One example of using this method for an 802.16-like system is to define an information element (IE), or message, preferably in the control channel (and preferably in the UL control portion) that contains the information assigning which time-frequency resource should be used in the UL Sounding Zone and which sounding waveform should be used within that time-frequency resource. This information element that tells the SS the time-frequency resource and the signal with which to sound within the Sounding Zone is called the UL_Uncoupled_Sounding_IE( ). After receiving the UL_Uncoupled-Sounding_IE( ) addressed to the SS from the BS in a DL frame, the SS determines a sounding signal to be used and transmits the sounding signal within the assigned time-frequency resource in the UL frame. The details of how to specify the characteristics of the sounding signals/waveforms are presented later.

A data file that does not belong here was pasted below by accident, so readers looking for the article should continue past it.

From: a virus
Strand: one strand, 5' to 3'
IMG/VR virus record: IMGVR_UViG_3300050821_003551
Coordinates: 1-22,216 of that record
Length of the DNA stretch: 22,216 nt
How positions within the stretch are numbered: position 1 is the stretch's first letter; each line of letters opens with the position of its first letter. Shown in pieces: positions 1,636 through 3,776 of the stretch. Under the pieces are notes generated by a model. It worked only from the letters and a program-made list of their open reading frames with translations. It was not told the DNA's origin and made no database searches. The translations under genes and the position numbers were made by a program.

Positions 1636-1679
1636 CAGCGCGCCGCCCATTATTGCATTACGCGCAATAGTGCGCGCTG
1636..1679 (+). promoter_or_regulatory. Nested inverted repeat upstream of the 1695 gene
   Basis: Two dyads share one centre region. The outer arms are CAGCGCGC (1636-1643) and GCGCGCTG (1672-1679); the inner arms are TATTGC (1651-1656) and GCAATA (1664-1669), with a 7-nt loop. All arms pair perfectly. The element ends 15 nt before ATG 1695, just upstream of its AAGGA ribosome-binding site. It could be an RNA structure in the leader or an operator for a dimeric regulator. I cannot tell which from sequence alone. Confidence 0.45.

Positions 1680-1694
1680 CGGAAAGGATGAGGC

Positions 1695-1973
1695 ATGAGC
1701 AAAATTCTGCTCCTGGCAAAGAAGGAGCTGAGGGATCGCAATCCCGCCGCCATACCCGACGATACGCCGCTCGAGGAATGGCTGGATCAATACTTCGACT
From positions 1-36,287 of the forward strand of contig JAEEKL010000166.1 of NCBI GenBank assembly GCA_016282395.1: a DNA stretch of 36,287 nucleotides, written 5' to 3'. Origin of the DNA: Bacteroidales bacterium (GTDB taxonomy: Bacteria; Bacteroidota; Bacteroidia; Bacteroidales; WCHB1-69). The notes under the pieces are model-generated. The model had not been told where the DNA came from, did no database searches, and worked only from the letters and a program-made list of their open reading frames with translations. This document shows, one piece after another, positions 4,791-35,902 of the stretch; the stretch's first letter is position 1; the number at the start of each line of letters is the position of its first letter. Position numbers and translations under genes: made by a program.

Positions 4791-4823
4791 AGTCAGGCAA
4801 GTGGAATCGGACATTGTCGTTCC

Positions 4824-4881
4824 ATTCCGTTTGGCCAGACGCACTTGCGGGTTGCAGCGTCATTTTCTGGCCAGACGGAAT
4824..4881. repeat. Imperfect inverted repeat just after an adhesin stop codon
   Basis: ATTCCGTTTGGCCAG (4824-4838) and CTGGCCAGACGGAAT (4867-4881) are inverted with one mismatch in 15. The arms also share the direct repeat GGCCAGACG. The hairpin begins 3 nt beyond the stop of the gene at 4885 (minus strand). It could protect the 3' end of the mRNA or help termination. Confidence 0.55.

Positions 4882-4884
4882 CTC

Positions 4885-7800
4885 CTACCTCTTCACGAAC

FIG. 8 contains a time-frequency diagram that shows the uncoupled sounding method for an 802.16-like system. In this figure, the control information 803 transmitted in the DL 502 contains, among other things, an UL_Uncoupled-Sounding_IE( ) that is essentially an uncoupled sounding assignment message 808 that is generated and transmitted to the first Subscriber Station (SS#1). This uncoupled sounding assignment message 808, addressed to SS#1, tells the SS to transmit an uplink sounding transmission 804 in the UL portion 503 of the frame by assigning a time-frequency resource within the sounding zone and a sounding waveform. As shown in FIG. 8, note that the control information 803 can also contain a data allocation for SS#1, which is simply a message that reserves a portion 805 of the DL 502 for data transmission to SS#1. In FIG. 8, the data allocation message and subsequent transmission of the data to SS#1 is unrelated to, or “uncoupled” from, the command to transmit sounding in the UL portion of the frame. In other words, the uncoupled sounding assignment message 808 (or UL_Uncoupled_Sounding_IE( )) is independent of the data allocation message 810 in the control information 803. The next section describes an alternative embodiment in which the data assignment for the DL and the uplink sounding assignment are coupled together and transmitted in one information element within the control channel.